6 items from 2011
Edgar Wright's latest epic project  has him partnering with Quentin Tarantino, Judd Apatow, Joss Whedon, Bill Hader, Guillermo Del Toro, Joe Dante, Greg Mottola, Harry Knowles, Rian Johnson and, probably, several of you. Like all of us, Wright has a bunch of classic and cult films he's never seen. Unlike all of us, he has the means to see them for the first time on the big screen and will do just that in December  at the New Beverly Cinema in Los Angeles during Films Edgar Has Never Seen. The director of Shaun of the Dead and Scott Pilgrim vs. The World asked both his famous friends (some of which are listed above) and fans to send in their personal must see lists and, from those titles, Wright came up with one mega list from which he'll pick a few movies to watch December 9-16. After the jump check »
- Germain Lussier
Eve Brent, best remembered for playing Jane twice opposite Gordon Scott's Tarzan, died August 27 of "natural causes" at Pacifica Hospital of the Valley in Sun Valley, Calif. She was either 81 or 82. Initially billed as either Jean Lewis or Jean Ann Lewis, Eve Brent's show business career in films and on television lasted nearly six decades. The Houston-born actress appeared in about three dozen movies, ranging from a small part in Bruno VeSota's crime drama Female Jungle (1955), featuring Lawrence Tierney and Jayne Mansfield, to playing Cate Blanchett's grandmother in David Fincher's Oscar nominated The Curious Case of Benjamin Button (2008). Almost invariably in small supporting roles or bit parts, Brent could also be seen in the Jean Simmons vehicle The Happy Ending (1969), George Seaton's all-star blockbuster Airport (1970), the Charles Bronson Western The White Buffalo (1976), Frank Darabont's 1999 Best Picture Oscar nominee The Green Mile ("a lovely experience, »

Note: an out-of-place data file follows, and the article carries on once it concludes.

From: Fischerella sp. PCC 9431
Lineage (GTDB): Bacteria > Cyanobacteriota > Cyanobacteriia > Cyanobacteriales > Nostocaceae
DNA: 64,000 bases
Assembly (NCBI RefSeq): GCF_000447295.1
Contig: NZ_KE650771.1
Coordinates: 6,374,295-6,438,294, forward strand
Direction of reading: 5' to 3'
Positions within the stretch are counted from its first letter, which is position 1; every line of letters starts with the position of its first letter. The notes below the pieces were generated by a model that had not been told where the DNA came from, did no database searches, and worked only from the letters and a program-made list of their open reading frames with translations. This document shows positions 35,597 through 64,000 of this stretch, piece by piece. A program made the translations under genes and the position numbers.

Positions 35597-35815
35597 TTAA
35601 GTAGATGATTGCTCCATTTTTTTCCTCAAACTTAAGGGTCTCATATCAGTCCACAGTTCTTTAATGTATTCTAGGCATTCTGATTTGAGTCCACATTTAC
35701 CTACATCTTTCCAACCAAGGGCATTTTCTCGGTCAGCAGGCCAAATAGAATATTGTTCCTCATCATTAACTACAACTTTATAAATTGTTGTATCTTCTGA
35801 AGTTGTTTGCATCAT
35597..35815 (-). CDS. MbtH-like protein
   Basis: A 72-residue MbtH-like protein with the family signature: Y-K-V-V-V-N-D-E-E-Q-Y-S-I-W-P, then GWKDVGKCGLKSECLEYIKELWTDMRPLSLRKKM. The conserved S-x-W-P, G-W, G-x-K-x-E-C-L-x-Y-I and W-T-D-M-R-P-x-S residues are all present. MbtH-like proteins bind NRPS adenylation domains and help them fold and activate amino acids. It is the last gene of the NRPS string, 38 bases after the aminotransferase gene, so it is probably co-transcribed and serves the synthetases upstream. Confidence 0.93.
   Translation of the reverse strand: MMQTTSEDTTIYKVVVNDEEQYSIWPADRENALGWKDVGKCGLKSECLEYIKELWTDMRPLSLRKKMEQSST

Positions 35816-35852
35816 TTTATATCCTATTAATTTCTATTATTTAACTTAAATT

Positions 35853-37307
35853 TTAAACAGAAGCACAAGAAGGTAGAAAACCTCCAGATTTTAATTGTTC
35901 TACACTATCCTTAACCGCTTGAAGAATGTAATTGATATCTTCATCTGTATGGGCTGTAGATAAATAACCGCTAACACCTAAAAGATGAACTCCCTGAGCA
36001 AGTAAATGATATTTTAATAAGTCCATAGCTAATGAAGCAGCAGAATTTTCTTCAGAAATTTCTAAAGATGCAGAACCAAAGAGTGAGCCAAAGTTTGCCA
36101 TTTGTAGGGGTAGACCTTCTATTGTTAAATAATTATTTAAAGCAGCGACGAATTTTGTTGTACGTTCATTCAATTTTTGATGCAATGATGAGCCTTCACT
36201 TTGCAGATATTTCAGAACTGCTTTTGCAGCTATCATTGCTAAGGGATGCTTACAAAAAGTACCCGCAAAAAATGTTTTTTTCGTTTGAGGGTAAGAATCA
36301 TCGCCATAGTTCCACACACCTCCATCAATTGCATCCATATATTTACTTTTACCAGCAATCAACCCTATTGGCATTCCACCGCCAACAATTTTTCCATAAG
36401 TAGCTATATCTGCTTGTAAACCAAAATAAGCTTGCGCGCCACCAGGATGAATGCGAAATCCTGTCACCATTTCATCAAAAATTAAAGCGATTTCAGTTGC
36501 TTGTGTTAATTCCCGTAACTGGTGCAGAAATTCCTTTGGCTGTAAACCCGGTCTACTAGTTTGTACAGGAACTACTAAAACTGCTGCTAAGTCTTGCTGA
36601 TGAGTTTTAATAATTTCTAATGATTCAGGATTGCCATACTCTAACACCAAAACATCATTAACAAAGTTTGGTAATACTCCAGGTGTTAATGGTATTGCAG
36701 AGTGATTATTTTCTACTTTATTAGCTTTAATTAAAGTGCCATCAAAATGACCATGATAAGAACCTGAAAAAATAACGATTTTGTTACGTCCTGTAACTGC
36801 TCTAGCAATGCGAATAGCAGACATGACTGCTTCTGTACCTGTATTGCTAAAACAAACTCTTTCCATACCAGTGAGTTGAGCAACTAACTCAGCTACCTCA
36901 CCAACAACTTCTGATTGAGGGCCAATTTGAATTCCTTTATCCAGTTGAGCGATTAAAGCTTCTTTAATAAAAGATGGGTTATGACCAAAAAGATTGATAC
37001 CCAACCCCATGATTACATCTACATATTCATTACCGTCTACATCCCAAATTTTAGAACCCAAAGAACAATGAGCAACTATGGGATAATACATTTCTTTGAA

- Andre Soares
Actress Eve Brent has died at the age of 82.
She is survived by her son, Jack Lewis. »
Once again Samuel Fuller uses the skimpiest of budgets as a tool to contrast reality with artifice. A long cherished project for the director, this German-set postwar drama was the last Rko picture, and has been out of circulation for years until its recent Warner Archive dvd release.
Check out the trailer commentary and then keep reading for some bonus annotations.
How can you not love a cigar-chomping guy like that? And then to look a the movies he made is something unto itself. His films have verve and impact and, despite their b-picture nature, are never just blank programmers; they’re fully always alive. »
0:00 - Intro 7:15 - Headlines: 2011 Oscar Nominees, Kevin Smith to Self-Distribute Red State, Henry Cavill is Superman 25:55 - Review: Enter the Void 54:15 - Review: The King's Speech 1:22:10 - Trailer Trash: Jackass 3.5 1:25:25 - Other Stuff We Watched: Don’t You Forget About Me, Forty Guns, The Visitor, Il Mercenario, No Crossover: The Trial of Allen Iverson, Muhammad and Larry, The One Armed Executioner, Nostalgia for the Light, The Emperor’s Naked Army Marches On, Beverly Hills Cop, Beverly Hills Cop II, Buffalo 66, Talhotblond 2:07:40 - Junk Mail: Mixing DVD and Blu-ray, Combining Collections with a Roommate/Spouse, Alphabetizing Rules for DVDs, Name That Movie, German Movies, Morgan Spurlock, Female Directors, Us Comedian Equivalent of Ricky Gervais, Why Film Podcasts are Poorly Informed 2:49:40 - This Week's DVD Releases 2:52:00 - Outro » Download the MP3 (80 Mb)  » View the show »
By the time Samuel Fuller had made his first film, he'd been a copy boy, fought in the second world war, written a number of pulp novels and screenplays and worked as a crime reporter. His directorial debut, I Shot Jesse James  (1949), was already informed by a lifetime's worth of real world experience. His films are personal -- even autobiographical -- and his storytelling is aggressive. His themes are often presented in an austere nature and his imagery can be heavy handed (White Dog ), but his earnestness leaves me smiling rather than cringing. It makes sense that Criterion would re-release two Samuel Fuller classics, The Naked Kiss and Shock Corridor, on the same day with matching cover artwork (provided by Ghost World author/illustrator Daniel Clowes). The films share a deep rooted pulp narrative that examines two of cinema's most prototypical social outcasts: hookers and schitzos. The Naked Kiss Directed »
- Jay C.
6 items from 2011
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